When my wife and I heard that Roger Neilson was diagnosed with cancer in 2000, we were saddened because we really enjoyed his spunk (and flashy ties). Like us, Roger was a born-again Christian and that shared faith was refreshing to see in a sport regarded as something less than holy amongst many of our peers. When we met Roger some months before, I was proud to have him sign my pocket Bible, along with Adam Burt, Jody Hull, and John Vanbiesbrouck.
Roger's signature somehow meant more, though. He always was gracious on TV and radio and though he had a wonderful sense of humor, he never once indulged in slinging mud at the Flyers or Bob Clarke for his awkward dismissal in 2000. Instead he said, "It's too bad it ended that way. Bobby and I are still great friends today. One disagreement in three or four years of a relationship — it's bound to happen." (From http://www.thestar.com/Ob...tuary/NtoS/article/107797
In November of 2002, my wife and I watched with delight as Roger was inducted into the Hockey Hall of Fame. She and I had visited the Hall twice that year, in January (during a trip to Montreal) and in June (during an HNA Tournament). It was special to see Roger become a member of the Hall (see my avatar!).
On May 21 of this year, my wife Mary followed Roger into the Church Triumphant when she, too, succumbed to cancer at the too-young age of 31 after a courageous two-year fight. Our first "big" (read: "expensive" ) date was the Flyers-Nordiques game on January 21, 1995 in the old Spectrum. Mark Recchi was body-checked all over the ice that night, just eight games before his trade to Montreal for John LeClair, Eric Desjardins, and Gilbert Dionne. My wife and I had a great time despite the 3-1 loss. Our mutual love for the Flyers was cemented that day, as the August 12, 1994 start of the Major League Baseball strike had killed my love for that sport. Hockey became #1 in my life for the first time since the early 1980's. Little League will do that -- you like what you play. Hockey was not something that was available to me then.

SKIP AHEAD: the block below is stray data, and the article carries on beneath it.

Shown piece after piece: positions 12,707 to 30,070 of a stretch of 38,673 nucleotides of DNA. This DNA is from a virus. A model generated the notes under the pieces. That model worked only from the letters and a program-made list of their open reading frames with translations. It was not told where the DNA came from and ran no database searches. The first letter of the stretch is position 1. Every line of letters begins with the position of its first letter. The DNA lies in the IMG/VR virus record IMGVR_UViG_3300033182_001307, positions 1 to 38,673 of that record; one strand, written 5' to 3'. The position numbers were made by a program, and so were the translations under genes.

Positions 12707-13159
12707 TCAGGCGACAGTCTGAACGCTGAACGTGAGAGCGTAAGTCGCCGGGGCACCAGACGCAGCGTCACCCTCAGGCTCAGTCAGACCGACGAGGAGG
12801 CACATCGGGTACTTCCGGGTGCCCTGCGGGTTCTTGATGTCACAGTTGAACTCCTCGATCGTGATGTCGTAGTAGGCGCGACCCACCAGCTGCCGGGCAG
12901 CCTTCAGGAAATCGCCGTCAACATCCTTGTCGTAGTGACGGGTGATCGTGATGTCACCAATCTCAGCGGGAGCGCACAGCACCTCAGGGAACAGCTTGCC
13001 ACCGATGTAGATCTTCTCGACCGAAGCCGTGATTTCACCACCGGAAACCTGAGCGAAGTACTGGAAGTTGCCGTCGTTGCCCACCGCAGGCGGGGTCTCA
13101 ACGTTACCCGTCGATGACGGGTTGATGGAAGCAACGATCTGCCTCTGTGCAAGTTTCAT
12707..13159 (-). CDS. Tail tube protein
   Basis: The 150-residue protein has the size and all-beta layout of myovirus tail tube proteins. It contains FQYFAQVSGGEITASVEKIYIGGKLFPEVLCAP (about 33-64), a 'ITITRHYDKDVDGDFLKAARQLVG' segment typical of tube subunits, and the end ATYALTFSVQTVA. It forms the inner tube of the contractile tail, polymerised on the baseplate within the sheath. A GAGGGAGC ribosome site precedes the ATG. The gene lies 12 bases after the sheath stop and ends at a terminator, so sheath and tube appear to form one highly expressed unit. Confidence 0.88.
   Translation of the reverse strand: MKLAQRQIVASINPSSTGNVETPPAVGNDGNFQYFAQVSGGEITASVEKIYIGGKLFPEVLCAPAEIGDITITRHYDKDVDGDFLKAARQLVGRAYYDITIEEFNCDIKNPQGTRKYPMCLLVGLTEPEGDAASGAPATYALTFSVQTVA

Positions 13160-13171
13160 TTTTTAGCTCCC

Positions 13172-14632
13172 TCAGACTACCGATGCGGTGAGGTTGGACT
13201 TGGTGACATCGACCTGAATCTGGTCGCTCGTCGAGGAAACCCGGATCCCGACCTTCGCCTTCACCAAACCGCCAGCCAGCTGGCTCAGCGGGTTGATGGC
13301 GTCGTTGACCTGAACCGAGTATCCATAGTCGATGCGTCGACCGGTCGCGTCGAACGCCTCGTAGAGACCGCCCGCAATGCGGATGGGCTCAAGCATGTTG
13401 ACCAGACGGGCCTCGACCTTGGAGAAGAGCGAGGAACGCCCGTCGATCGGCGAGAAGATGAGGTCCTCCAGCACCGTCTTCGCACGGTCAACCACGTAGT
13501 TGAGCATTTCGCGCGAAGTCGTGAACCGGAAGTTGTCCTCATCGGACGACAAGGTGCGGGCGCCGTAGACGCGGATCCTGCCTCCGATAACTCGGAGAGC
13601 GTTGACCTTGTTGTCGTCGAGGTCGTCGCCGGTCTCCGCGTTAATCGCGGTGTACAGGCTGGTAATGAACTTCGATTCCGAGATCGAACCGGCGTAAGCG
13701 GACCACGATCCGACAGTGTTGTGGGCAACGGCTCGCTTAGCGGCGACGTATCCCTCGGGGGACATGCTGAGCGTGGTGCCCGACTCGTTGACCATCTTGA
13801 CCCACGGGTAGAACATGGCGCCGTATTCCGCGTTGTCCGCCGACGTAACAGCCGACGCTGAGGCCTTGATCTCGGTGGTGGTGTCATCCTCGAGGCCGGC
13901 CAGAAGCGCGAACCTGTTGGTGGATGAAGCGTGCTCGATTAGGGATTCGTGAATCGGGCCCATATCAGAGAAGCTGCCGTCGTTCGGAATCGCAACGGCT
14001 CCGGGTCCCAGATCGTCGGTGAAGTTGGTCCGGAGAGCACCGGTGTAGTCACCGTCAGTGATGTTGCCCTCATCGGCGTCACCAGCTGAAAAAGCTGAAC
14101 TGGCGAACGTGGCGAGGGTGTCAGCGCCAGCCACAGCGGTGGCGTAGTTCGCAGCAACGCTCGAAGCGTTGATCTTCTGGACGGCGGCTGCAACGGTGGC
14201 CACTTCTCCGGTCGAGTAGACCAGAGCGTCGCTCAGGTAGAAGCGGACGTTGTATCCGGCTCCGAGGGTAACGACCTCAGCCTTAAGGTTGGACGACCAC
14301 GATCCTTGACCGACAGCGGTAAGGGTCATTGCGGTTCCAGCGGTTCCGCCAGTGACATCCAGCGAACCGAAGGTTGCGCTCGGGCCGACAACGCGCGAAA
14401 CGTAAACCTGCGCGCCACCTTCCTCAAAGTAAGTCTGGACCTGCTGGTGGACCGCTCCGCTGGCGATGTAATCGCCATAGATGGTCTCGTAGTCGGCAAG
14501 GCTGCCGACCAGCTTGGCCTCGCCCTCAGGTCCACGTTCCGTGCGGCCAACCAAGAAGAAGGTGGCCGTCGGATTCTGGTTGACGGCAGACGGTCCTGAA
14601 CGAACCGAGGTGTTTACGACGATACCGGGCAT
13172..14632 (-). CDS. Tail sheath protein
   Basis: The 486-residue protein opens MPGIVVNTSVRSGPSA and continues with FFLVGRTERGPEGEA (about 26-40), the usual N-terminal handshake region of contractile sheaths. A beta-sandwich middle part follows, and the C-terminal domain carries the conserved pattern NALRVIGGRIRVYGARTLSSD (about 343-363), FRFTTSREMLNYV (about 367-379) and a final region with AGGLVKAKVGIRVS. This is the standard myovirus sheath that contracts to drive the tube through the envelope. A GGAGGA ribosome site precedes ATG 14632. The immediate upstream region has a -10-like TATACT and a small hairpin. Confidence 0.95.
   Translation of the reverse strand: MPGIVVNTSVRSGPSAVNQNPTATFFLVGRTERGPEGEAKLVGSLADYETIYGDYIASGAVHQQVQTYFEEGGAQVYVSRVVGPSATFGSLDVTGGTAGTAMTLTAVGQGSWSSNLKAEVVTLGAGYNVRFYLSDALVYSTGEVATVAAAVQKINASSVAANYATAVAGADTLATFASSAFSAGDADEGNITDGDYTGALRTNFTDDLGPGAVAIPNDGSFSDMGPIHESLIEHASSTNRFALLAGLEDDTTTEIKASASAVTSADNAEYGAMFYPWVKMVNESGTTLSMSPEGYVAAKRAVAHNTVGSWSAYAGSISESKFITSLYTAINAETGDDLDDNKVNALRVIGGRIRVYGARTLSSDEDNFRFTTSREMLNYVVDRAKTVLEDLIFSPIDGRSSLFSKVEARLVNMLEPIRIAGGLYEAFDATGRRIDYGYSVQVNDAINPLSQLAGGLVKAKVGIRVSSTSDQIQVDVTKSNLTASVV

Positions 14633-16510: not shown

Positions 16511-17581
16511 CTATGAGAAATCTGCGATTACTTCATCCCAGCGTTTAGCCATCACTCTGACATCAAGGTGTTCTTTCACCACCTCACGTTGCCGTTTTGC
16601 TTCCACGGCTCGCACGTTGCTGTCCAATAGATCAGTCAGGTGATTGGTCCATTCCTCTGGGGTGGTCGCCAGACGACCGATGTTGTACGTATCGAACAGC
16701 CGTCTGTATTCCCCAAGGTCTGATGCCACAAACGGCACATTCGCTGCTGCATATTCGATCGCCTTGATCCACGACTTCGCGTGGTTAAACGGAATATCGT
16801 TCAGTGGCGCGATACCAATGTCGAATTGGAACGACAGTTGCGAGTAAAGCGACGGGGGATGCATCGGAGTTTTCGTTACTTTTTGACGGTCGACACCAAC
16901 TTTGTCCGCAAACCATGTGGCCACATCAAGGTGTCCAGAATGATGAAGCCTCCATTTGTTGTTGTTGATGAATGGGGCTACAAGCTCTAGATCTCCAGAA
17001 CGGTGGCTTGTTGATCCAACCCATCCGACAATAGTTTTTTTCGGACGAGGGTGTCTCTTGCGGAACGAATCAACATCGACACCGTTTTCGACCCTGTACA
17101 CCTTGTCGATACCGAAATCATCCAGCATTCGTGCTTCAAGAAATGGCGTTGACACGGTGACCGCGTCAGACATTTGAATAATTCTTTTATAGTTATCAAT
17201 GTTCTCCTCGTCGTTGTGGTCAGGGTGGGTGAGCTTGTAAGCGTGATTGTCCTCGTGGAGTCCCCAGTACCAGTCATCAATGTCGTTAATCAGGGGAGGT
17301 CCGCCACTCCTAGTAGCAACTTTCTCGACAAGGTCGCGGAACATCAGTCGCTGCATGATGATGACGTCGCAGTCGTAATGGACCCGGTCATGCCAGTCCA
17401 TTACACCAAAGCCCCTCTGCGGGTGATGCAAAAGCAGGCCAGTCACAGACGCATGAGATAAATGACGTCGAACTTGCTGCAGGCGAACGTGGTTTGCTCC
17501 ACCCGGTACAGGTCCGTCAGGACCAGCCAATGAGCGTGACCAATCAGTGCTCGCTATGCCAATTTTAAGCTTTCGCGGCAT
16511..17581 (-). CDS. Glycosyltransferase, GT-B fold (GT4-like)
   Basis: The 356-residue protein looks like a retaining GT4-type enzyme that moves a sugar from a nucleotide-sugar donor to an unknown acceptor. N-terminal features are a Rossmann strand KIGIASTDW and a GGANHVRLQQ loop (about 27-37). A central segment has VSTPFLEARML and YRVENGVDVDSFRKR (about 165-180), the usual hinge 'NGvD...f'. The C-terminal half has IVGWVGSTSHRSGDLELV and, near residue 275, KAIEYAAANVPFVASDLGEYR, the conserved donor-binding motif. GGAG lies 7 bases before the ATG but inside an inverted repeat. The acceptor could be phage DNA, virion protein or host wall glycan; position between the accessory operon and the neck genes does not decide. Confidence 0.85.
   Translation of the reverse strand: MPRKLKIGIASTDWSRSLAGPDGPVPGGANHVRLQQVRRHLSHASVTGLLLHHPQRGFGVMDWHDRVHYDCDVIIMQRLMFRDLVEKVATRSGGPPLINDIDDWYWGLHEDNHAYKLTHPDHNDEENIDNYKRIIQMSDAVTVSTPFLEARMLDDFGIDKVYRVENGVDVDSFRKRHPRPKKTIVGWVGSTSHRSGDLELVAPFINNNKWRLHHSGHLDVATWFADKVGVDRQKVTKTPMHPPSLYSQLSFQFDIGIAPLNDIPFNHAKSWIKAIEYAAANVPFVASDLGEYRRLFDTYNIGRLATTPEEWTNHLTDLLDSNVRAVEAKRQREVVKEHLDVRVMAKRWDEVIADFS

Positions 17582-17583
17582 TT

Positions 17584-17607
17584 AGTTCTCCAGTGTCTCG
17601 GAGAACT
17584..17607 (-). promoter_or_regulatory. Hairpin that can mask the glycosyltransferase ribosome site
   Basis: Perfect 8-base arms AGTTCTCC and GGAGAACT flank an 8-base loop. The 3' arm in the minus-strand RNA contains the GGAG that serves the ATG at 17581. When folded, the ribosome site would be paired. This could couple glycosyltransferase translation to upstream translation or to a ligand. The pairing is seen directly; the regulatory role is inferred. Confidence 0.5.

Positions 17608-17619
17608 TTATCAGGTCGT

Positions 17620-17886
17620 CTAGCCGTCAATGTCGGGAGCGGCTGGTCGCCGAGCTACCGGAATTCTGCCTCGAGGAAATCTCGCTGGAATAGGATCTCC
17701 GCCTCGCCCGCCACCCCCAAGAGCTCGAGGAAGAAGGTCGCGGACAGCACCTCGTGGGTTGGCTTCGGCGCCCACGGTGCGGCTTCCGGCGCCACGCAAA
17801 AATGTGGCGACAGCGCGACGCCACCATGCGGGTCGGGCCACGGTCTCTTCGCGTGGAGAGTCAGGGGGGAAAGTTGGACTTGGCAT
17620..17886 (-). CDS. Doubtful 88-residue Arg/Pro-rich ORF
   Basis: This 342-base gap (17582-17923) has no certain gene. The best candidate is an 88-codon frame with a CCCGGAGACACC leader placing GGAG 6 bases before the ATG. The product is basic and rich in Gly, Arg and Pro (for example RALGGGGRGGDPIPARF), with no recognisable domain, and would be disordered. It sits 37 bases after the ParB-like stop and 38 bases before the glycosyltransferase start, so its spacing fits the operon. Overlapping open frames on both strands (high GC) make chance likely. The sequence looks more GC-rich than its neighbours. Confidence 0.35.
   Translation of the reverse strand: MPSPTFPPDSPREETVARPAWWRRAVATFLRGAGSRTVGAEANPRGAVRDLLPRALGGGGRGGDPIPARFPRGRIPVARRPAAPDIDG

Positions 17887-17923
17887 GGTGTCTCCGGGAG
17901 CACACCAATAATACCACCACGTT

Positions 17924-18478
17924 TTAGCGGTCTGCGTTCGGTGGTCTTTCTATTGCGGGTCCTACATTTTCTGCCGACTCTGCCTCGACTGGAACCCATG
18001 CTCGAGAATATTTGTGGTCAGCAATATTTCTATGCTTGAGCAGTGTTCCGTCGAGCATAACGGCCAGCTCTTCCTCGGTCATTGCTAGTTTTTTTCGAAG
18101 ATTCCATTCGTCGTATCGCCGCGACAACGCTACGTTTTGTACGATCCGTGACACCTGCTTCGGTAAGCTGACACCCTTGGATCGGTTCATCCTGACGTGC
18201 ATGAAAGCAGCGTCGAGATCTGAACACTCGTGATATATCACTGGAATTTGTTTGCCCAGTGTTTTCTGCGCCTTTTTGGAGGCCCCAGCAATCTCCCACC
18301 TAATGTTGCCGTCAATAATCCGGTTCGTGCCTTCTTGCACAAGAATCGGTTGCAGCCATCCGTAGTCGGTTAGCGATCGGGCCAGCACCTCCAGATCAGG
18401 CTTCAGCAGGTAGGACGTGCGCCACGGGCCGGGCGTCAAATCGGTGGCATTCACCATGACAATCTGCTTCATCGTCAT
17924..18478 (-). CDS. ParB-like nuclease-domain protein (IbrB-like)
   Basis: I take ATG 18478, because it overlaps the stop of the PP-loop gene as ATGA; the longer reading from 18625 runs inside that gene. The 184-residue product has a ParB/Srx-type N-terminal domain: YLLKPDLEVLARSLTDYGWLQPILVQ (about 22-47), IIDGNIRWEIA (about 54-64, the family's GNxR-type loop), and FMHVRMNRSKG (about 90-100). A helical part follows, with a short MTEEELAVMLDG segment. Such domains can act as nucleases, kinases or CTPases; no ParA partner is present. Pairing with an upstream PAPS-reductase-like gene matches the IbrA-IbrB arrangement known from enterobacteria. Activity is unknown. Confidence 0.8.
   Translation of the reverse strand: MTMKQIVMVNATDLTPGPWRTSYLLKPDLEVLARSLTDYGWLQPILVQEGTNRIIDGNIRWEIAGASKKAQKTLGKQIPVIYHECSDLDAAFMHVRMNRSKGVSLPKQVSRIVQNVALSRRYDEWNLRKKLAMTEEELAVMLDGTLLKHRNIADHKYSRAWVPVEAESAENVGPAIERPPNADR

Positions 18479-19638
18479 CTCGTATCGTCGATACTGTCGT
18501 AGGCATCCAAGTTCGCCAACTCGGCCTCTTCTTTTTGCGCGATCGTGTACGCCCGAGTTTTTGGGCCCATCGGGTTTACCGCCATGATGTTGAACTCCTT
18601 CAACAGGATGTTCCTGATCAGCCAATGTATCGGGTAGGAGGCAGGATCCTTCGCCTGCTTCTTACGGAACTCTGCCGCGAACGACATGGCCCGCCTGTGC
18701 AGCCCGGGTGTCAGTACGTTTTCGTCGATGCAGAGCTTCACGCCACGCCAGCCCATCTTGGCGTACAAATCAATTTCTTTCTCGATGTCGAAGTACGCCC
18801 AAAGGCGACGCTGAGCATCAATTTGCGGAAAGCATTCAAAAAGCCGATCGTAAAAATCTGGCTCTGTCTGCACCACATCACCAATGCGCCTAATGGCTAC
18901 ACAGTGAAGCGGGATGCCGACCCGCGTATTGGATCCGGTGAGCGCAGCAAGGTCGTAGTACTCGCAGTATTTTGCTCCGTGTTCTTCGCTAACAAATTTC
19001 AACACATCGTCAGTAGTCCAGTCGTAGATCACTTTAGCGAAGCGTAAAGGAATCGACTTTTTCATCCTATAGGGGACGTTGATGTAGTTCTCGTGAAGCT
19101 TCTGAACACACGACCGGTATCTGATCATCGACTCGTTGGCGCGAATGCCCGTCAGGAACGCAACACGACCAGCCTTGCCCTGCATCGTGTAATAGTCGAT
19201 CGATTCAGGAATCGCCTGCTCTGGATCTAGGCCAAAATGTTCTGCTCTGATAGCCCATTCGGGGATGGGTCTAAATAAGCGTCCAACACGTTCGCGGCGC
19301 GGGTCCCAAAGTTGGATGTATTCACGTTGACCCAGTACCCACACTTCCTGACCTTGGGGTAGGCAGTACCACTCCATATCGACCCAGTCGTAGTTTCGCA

Forgive me for this rambling blog. I cannot express enough what losing my wife means. She was also my best friend. We watched the Flyers every night and TiVo'd whenever we were not around so that we could watch the game the next day.
We each had favorite players. My all-time favorite is Clarkie while Mary's all-time favorite player was Ron Hextall. Any and all criticisms of Hexy were met with sharp criticism (in fact, Les Bowen and Hockeybuzz's own Tim Panaccio were often rebuked for their newspaper reporting and subsequent appearances on 'Daily News Live' on Comcast Sportsnet, although Ed Moran eventually took over as the Daily News reporter/target of ire). She was as fierce in defending her husband and friends as she was her favorite Flyers (Dan McGillis ran a close second to Hexy).
Mary felt that the recent NHL had been too self-serving. Too many owners wanted money from new clubs joining no matter the effect on the product while she scoffed at frivolous and radical rules changes (notably, the shootout). However, when it came to talking sports, Mary defended hockey against the American sports nuts that dismiss the ice game like it was the WWE. She was the NHL's big sister. No one outside the "NHL family" could rag on the league, but she'd be free to tell you why the success of the 1970's and 1980's were undone by the late 1990's and 2000's.